For the Sake of Argument
President Bush has announced ambitious plans for the creation of a Department of Homeland Security.
The new American secret police will have unprecedented power to spy on (or, as they say in Washington, "monitor") the formerly and allegedly private lives of "free" American citizens.
That means you.
Why the need for an American version of the KGB? The bogeyman. Or, as the all-powerful Dubya put it, "Thousands of trained killers are plotting to attack us."
What, has the entire voting public turned into drooling morons?
Attention: to all those who voted for Dubya as the "lesser of two evils." This is where voting for evils gets you. A vote for Harry Browne would have been better spent. Could not a democratic socialist such as Al Gore have sponsored an American Stasi as well?
As the Almighty Dubya continued, "this terrible knowledge [of the thousands of trained killers, in case you dared to relax for a moment] requires us to act differently." Yes, yes it does. For starters, perhaps the American ruling class could surrender its imperial ambitions. Perhaps the Congress will scrap the imbecilic (and unconstitutional) restrictions which it has placed upon gun ownership. Not likely. Still, to "act differently" need not imply the creation of an American secret police.
To be blunt, the existence of any Department of Homeland Security is a terrible idea, for a very simple reason: human nature.
For the sake of argument, consider what is implied by El Presidente's latest expansion of federal power. More federal agents, with more arms and ammunition than you can legally buy. And these heavily-armed federal agents will have the power to spy on you and your family. Without you knowing about it.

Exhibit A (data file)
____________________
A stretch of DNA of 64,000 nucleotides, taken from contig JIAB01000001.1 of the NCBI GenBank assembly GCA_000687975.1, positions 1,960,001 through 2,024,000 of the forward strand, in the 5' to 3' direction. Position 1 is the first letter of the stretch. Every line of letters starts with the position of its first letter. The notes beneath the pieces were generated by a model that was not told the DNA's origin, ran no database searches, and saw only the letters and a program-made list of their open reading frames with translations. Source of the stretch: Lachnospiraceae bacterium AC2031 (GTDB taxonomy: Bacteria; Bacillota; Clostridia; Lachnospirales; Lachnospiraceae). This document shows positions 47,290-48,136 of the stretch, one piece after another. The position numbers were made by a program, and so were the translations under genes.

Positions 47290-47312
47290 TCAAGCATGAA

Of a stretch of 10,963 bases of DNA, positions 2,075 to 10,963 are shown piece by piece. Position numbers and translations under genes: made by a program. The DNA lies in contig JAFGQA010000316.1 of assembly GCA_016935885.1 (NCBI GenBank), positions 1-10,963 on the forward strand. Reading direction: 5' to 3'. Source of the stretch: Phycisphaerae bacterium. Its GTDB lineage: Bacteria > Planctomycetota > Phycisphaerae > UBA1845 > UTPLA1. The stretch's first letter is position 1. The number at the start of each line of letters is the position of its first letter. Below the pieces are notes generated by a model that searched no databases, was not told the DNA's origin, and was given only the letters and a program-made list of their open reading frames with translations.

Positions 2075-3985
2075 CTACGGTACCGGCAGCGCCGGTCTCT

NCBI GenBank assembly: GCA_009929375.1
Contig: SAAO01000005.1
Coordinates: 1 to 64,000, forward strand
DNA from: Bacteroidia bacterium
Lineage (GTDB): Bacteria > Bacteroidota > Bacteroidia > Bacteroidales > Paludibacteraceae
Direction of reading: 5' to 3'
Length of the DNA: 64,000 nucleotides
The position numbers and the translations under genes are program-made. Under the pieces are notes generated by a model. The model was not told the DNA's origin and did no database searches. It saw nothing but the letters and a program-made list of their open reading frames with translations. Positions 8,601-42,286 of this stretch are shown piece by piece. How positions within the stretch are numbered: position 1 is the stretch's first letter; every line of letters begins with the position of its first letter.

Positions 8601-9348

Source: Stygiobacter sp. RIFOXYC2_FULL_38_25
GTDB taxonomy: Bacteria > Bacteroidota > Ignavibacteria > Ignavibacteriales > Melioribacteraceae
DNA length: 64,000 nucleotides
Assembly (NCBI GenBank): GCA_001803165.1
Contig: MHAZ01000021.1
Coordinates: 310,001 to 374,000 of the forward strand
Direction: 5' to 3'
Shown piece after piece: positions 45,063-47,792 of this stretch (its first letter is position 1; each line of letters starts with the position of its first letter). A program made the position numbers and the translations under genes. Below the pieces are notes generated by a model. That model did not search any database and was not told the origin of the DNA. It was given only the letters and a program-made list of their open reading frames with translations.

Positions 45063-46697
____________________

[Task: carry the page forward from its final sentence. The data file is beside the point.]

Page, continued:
In the event that the new federal department still sounds like a good idea to you ("Against stupidity, the gods themselves contend in vain." Goethe, Faust), consider the following: at some point, human nature being what it is, there will be an unscrupulous person who decides to abuse this new-found power.
Perhaps you remember the federal incineration of the Branch Davidians at Waco. Perhaps you remember the "confidential" FBI files on numerous Republicans which simply "showed up" on Hillary Clinton's desk.
And perhaps you are naïve or foolish enough to believe that such flagrant abuses are the exception, rather than the rule, in Washington, DC.
Worse, given the expanding powers sought by the "conservative" Bush, those who fall victim to the inevitable abuses of the federal government's nigh-ultimate power will be less able to defend and vindicate themselves than they are under the present system.
Janet Reno took "full responsibility" for incinerating 80 Americans — including children — at Waco. And she is not in prison. Recently, she was considered a top Democratic candidate for governor of Florida.
Hillary Clinton, who "found" confidential FBI files in her office, is now a U.S. Senator from New York.
The poor Founding Fathers. If only they had had a "Department of Homeland Security" to round up the Loyalists and ship them back to England. Clearly, the very notion of spying on American citizens was near and dear to the hearts of the Founding Fathers. The Fourth Amendment has got to go. Why not throw out the Constitution and the rest of the Bill of Rights for that matter — as long as it will make us safe.
Americans would be well-served to come to their senses. To paraphrase Ben Franklin: Those who would sacrifice liberty for security deserve neither.
September 11 was a terrible tragedy. It would be a mistake of catastrophic proportions, however, to magnify the tragedy by selling the remainder of the liberty bequeathed to us by the Founding Fathers in exchange for a false promise of "Homeland Security."
Homeland Security? Give me a .45. A new federal department to tax me and spy on me? No thanks.
June 13, 2002
Mr. Dieteman [send him mail] is an attorney in Erie, Pennsylvania, and a PhD candidate in philosophy at The Catholic University of America.
© 2002 David Dieteman